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Article was taken from American Police Beat

This is a battle we all need to fight

We are writing to you at this time to inform you of a situation that will affect all of us when we are trying to subdue a suspect who is fighting back and resisting arrest. In Cuyahoga County Common Pleas Court, in Cleveland, Ohio, Patrolman Jameel Talley was charged with murder. The officer was tried and convicted of involuntary manslaughter of a shoplifter who resisted arrest and fought with Officer Talley. Jameel is now in jail awaiting sentencing.

The incident took place as follows:

Officer Talley, who works for the Maple Heights Police Department, was working his first day of an off-duty job as a security officer for Dillard's Department Store. Jameel was scheduled to meet and work with another off-duty officer also working for the store. This officer was supposed to supply Jameel with a generic uniform. Our department does not allow officers to work in the Maple Heights Police uniform when working off-duty jobs. Jameel had been granted permission to work this off-duty job from our chief. He was going through a divorce at the time and finances were tight. When the officer scheduled to work with Jameel called in sick, he made the decision to work his scheduled shift even though he was alone, unarmed and without his uniform. He didn't want to leave the store without security. Officer Talley began his shift in the camera room with a civilian female employee watching the CCTV system when he observed a male shoplifting a leather jacket. He asked the employee to identify the man's location in the store. He went to that location and apprehended the suspect. The situation remained under control until Jameel got the suspect back near the interview room.

The man, who was high on crack and heroin, began to resist arrest. He also had an active warrant for his arrest out of another agency. A struggle ensued. During the struggle, the suspect hit his head against a locker and then on the cement floor. There were three people who witnessed the incident and said the struggle lasted approximately five to ten minutes. All three of the witnesses stated the suspect was resisting arrest.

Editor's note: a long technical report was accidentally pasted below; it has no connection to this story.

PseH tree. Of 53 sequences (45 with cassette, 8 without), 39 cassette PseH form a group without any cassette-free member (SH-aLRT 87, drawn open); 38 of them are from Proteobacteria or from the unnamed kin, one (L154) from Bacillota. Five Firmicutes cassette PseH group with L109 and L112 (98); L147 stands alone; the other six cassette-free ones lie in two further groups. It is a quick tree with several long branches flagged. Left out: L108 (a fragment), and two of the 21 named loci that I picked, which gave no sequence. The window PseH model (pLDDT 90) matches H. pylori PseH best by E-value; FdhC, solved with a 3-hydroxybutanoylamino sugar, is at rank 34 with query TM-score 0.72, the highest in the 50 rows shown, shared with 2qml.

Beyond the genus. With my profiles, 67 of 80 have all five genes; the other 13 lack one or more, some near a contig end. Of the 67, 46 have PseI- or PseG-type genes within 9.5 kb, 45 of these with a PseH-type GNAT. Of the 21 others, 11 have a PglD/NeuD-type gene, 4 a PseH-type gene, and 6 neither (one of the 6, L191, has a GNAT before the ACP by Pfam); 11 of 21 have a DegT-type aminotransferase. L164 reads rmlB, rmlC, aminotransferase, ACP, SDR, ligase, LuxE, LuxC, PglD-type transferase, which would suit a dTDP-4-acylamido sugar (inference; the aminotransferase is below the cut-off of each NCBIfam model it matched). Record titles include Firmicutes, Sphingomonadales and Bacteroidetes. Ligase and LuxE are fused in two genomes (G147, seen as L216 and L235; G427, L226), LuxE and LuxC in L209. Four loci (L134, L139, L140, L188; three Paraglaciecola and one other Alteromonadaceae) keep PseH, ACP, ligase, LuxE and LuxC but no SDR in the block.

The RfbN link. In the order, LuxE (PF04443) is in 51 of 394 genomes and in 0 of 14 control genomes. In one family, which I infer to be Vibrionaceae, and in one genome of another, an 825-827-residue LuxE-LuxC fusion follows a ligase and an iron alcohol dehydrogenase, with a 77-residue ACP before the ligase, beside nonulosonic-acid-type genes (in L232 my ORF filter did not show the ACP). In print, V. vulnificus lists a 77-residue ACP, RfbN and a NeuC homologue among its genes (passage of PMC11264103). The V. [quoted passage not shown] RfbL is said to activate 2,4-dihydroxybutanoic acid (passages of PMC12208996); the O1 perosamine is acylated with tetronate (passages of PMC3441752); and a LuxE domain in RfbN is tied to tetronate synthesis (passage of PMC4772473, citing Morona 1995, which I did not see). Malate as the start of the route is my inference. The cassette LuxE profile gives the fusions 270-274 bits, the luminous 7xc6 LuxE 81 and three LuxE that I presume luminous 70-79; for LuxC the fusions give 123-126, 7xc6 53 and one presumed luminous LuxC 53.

The incriminating part of their statements for the officer came when they stated Jameel picked the suspect up, lifted the suspect over his head and threw him head first to the floor but the testimony of the witnesses were inconsistent as to the manner in which Jameel picked the suspect up and threw him down. The only consistency between the three statements was that actions they attributed to Officer Talley were virtually impossible to do, virtually impossible to do, especially after a lengthy struggle. This incident also occurred in a narrow hallway only five feet wide, again making it virtually impossible for the suspect to be picked up and thrown to the floor. There was also testimony that Jameel was sweating profusely after the incident, adding credence to testimony that there had been a lengthy struggle. In addition, the suspect admitted to officers who responded to the scene that he was resisting arrest. Jameel testified that he never lifted the suspect off the floor. During the struggle the suspect was pushing off of lockers in the hallway, at which time Jameel used that force and spun both of them around and to the floor.

Jameel landed on top of the suspect, when he finally gained control of the situation. The suspect was conscious and coherent during the incident. The only visible injuries to the suspect were a bruise on his forehead and shoulder. The suspect was turned over to the local police department, which ended Officer Talley's contact with the suspect. The officers who responded to the scene requested an ambulance for the suspect.

As part of the evaluation process, the EMS worker asked the suspect how he received his injuries. The suspect said he was fighting with the officer when he fell into some lockers and then to the floor. He made no mention of being thrown to the floor by Jameel.

The suspect was transported to a medical facility, via ambulance. While at the hospital, the suspect refused medical treatment and repeatedly asked if he would be able to post bond. The suspect also asked to be taken back to jail so that he could bond out. The suspect signed himself out of the hospital against medical advice. He then walked, under his own power, from the emergency room. The suspect was then transported, via police cruiser, to the arresting agency's police station. After his return to the jail, the suspect's condition worsened. He was offered medical treatment for a second time, which he again refused. The local police department contacted family members of the suspect to provide them with bond information. The family refused to post his bond and to pick him up. The suspect was later released on a personal bond. Only then did a family member come get him. The suspect died two days later, in the hospital where his in the hospital where his family had taken him for drug rehabilitation.